Leadership Toolbox: Facilitating Effective Meetings

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As a leader in your company, you will encounter various roles and responsibilities that will allow you to demonstrate your leadership. One example is in facilitating effective meetings. In a productive meeting, the organizer communicates their ideas while incorporating the valuable contributions from other participants, while simultaneously managing time and direction of the meeting to ensure efficiency. In doing so, the meeting facilitator demonstrates the ability to guide and contribute to the overall strategy of the organization.

Below are several tips on facilitating the most effective – and efficient – meetings.

Prepare in advance

It may seem obvious, but the universal motto to “be prepared” applies for several different components of a great meeting:

  • Write the itinerary ahead of time and email it to meeting participants. Seeing the schedule on paper and running through the length of the meeting in advance will help you to gauge whether the meeting time will run long and if you need to cut out any items from the itinerary.

Also, emailing the itinerary to participants will allow them to know what to expect. This will let them ruminate over discussion points in advance and likely better ensure the meeting stays on track.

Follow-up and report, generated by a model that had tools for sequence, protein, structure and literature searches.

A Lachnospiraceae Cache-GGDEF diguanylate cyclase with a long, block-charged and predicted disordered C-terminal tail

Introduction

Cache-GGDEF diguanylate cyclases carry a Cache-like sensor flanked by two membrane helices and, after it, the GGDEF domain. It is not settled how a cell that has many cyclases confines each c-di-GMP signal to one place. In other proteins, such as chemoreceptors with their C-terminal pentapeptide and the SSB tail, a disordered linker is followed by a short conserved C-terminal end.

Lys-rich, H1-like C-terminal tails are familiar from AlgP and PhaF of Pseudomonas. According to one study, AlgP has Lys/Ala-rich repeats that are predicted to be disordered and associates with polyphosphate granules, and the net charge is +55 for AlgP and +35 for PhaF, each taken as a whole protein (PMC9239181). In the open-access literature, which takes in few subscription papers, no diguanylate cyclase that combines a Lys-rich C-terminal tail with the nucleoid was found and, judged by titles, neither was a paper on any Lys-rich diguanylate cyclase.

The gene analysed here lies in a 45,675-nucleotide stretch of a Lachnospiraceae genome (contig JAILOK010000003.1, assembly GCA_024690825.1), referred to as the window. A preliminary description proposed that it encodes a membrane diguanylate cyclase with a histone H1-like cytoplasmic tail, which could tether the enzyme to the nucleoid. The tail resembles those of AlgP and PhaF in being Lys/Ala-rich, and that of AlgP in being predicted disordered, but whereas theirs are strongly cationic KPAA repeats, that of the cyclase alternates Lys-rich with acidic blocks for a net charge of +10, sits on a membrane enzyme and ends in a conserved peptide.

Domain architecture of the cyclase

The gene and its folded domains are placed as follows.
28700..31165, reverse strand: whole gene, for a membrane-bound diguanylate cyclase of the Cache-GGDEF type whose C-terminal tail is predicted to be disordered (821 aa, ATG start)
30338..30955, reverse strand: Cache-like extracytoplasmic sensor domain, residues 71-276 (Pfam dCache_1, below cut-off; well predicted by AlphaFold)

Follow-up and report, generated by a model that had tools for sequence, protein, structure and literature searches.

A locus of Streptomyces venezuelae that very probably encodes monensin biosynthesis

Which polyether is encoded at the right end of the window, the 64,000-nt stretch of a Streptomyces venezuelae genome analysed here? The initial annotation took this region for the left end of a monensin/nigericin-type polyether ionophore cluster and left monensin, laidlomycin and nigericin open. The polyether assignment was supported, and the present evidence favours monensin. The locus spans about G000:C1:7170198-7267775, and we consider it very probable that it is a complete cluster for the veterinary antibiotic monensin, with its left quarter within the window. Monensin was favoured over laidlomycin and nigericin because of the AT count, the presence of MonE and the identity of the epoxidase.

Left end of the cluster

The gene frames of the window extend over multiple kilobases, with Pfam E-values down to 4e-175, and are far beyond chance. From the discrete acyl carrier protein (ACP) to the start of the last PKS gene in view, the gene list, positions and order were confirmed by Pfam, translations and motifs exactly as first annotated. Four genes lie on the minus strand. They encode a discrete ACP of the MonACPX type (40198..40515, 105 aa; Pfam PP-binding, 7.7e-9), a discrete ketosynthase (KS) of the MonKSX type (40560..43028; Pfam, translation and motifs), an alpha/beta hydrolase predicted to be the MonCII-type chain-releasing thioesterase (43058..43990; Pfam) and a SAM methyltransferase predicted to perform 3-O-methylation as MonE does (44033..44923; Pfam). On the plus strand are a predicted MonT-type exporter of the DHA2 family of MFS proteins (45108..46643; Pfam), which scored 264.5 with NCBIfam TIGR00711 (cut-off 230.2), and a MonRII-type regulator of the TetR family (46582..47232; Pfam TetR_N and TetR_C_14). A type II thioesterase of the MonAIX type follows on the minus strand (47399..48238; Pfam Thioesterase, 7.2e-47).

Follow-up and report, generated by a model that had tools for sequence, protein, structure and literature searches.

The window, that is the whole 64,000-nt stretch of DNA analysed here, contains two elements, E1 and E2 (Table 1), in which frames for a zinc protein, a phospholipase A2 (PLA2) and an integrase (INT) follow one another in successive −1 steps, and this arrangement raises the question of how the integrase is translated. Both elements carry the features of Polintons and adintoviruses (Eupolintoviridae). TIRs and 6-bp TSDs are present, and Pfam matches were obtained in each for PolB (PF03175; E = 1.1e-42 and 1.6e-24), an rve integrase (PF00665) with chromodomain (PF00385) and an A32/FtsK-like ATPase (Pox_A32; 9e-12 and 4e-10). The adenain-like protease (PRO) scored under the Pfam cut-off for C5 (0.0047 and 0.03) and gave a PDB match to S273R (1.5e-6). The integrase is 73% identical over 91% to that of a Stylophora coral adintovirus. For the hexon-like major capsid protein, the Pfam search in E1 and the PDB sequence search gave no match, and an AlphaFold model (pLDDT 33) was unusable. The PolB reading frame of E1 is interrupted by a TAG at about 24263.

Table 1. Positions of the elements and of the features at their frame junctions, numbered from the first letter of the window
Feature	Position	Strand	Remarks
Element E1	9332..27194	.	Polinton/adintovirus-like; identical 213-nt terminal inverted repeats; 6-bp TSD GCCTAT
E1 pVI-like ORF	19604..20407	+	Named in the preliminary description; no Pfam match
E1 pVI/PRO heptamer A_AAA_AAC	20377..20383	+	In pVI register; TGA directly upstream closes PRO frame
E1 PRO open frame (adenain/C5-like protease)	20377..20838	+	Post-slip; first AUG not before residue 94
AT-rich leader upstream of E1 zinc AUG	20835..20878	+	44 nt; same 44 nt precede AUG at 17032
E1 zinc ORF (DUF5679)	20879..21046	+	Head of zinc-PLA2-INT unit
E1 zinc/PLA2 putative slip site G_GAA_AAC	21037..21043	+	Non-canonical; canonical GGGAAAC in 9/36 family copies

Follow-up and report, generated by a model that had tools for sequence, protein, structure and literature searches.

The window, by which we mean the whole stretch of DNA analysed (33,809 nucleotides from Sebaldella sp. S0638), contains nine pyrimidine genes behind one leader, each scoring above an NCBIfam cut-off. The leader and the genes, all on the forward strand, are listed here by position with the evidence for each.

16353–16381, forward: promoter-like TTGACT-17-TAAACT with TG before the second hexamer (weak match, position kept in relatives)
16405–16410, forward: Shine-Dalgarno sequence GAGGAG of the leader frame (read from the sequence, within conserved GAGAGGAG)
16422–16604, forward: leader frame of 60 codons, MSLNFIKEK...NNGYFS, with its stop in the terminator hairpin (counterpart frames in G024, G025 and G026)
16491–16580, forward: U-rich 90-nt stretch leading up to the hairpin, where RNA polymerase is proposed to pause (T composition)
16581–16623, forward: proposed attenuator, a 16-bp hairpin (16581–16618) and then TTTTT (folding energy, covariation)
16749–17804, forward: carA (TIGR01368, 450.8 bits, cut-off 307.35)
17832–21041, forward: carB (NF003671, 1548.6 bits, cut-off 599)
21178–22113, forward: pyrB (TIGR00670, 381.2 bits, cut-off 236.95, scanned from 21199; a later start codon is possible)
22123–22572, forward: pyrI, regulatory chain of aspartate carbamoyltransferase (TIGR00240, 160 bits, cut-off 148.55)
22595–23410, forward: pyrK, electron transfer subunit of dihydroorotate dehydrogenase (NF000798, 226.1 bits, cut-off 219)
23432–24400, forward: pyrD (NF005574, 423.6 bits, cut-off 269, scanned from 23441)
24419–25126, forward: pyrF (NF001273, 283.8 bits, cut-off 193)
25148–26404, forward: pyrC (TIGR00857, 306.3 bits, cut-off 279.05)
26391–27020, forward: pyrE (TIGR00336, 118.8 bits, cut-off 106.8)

• Circulate any pre-reading at least two days in advance, if possible. Background reading, if relevant, is an excellent addition to a meeting in that it will facilitate a more robust and informed discussion. Just make sure you give participants enough time to review the materials.
  • Avoid technical difficulties during meeting time by testing any technical components – presentations, teleconference lines or otherwise – in advance.

During the meeting

During the meeting, a few tactics can help you to address the main points of discussion clearly and concisely:

  • Use materials to illustrate key concepts. Presentations, handouts, binders or other materials that lay out ideas visually for participants will help them to follow along and internalize the messages.
  • Incorporate discussion throughout the meeting. The primary difference between a meeting and a presentation is that the role of the meeting participant is essential in the outcome of meeting – so let their opinions play a part! To capture the points of discussion, ensure someone is designated to take notes during the meeting.

Follow up

The process is not over when a meeting concludes. Take the appropriate follow-up steps to ensure the effectiveness of your meeting:

  • By the end of the meeting, determine a list of action items and who is assigned to complete each task. Also, decide what will be addressed at the next meeting. Shortly after the meeting concludes, email these items to attendees while they are still present in your mind.

Running an effective meeting includes more than simply keeping the conversation on topic. A valuable meeting can influence the overall strategy of your organization – and show your leadership skills in doing so.

 

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